January 20, 2004

In Memory of Ron Crickenberger

Long-time Libertarian icon and friend of the November Coalition Ron Crickenberger died this past weekend from a rare form of cancer.

Ron was born in Charlottesville VA in 1955. When Ron was 5, his family lived in Ash Lawn, the home of President James Monroe, where his mother was tour guide, and his father was groundskeeper. Growing up around the symbols of the American Revolution gave Ron an early appreciation of the ideals that made this country great - individual liberty and personal responsibility.

Ron spent nearly 20 years in small business as owner of "The Pool Protector," an innovative swimming pool service and construction company. After more than a decade of volunteer work with the Libertarian Party, in 1997 Crickenberger became its first Political Director.

In 2000, Campaigns and Elections magazine named Ron a "Rising Star" of politics and he was the Libertarian Party's 8th District congressional candidate.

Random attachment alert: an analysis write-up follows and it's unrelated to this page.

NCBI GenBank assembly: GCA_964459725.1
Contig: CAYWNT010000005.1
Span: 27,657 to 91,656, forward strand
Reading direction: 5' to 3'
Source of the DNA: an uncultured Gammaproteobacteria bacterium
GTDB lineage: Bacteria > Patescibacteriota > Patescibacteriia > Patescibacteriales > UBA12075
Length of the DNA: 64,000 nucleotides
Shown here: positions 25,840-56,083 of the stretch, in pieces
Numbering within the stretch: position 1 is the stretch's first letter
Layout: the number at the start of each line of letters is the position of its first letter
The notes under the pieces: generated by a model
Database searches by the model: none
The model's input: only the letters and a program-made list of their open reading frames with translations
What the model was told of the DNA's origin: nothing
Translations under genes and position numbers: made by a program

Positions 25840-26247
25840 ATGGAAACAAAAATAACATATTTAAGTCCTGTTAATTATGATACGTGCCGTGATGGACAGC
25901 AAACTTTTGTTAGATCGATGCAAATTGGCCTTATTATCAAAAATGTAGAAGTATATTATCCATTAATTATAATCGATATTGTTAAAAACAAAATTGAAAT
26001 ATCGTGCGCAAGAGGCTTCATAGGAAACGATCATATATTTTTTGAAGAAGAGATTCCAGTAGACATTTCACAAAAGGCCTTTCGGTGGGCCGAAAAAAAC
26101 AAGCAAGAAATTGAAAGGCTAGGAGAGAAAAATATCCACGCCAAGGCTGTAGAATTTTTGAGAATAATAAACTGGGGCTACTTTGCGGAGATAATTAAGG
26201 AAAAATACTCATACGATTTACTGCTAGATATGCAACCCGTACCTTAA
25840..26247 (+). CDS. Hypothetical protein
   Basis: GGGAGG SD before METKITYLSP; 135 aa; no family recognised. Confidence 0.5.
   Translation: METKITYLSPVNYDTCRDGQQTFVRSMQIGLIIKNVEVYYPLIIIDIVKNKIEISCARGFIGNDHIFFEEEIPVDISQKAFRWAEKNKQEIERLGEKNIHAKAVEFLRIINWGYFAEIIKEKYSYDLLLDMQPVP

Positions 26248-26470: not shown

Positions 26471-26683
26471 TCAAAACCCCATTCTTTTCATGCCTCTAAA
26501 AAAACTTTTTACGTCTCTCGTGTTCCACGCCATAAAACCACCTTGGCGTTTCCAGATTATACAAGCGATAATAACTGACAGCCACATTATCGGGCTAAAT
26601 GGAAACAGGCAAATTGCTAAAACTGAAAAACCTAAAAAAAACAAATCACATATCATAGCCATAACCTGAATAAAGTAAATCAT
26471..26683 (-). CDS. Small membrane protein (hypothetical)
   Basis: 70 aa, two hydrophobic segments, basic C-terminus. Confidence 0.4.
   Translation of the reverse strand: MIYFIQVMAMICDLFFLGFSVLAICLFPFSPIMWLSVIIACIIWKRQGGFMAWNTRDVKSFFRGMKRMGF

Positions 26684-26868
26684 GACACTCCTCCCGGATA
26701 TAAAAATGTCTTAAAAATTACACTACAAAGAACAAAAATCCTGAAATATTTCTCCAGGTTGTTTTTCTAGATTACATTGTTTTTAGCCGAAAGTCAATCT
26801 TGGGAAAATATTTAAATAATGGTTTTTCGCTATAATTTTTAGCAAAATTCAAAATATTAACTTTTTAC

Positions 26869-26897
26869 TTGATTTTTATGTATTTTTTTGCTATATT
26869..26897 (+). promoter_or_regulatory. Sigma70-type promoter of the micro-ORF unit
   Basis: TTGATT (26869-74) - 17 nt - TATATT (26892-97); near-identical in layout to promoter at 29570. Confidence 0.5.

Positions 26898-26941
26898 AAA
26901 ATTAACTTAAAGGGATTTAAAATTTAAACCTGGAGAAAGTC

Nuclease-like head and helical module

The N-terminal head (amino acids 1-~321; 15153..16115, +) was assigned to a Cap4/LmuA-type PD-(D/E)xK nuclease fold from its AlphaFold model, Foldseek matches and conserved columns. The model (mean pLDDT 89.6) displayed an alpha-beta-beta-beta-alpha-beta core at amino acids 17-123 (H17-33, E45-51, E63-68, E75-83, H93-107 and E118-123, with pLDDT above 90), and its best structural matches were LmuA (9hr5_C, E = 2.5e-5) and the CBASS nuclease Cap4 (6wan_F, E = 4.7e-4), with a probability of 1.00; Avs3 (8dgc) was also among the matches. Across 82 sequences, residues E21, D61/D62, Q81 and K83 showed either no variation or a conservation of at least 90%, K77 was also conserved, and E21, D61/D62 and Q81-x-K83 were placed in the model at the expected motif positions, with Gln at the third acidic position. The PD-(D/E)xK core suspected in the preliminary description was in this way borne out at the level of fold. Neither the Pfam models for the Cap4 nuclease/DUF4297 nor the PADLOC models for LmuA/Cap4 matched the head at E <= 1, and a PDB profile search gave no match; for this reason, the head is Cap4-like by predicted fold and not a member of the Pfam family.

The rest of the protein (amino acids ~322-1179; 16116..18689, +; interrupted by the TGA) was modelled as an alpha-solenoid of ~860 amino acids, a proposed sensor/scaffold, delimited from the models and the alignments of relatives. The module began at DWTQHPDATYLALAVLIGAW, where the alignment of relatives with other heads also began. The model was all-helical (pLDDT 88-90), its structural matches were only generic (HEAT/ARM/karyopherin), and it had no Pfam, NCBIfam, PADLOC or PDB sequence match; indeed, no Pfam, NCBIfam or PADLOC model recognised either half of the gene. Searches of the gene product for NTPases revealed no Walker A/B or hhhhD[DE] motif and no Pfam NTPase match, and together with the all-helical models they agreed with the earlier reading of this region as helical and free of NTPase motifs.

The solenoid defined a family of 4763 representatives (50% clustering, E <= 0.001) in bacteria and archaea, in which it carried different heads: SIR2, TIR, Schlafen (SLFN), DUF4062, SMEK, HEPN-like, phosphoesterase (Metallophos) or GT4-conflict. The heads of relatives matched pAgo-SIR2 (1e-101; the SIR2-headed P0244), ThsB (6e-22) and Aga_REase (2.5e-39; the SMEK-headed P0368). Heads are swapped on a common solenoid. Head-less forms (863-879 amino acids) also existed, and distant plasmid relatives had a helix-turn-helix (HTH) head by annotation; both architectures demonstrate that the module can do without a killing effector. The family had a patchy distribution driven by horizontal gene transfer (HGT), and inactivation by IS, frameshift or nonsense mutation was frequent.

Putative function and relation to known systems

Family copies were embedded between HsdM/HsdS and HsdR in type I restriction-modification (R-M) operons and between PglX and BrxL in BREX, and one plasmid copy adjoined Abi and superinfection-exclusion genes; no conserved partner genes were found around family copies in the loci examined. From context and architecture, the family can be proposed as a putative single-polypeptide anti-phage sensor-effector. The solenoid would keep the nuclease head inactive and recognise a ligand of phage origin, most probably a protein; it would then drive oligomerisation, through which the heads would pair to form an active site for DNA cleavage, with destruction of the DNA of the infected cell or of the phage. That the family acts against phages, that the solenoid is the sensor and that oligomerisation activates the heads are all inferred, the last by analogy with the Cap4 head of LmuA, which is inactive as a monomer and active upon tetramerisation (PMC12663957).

Ron worked with the November Coalition and other drug law reform groups on the issues of the failed drug war, and was an important part of our first Journey for Justice tour on November 1, 2002 in Washington, DC.

Ron is survived by his partner Noelle Stettner, two children, and one newborn grandchild. The November Coalition staff extends our sincere sympathies to his family and friends.

Ron Crickenberger speaks at the Journey for Justice demonstration in front of the White House, November 1, 2002

For the latest drug war news, visit our friends and allies below

We are careful not to duplicate the efforts of other organizations, and as a grassroots coalition of prisoners and social reformers, our resources (time and money) are limited. The vast expertise and scope of the various drug reform organizations will enable you to stay informed on the ever-changing many-faceted aspects of the movement. Our colleagues in reform, they also give the latest drug war news. Please check their websites often.

The Drug Policy Alliance
Drug Reform Coordination Network
Drug Sense and The Media Awareness Project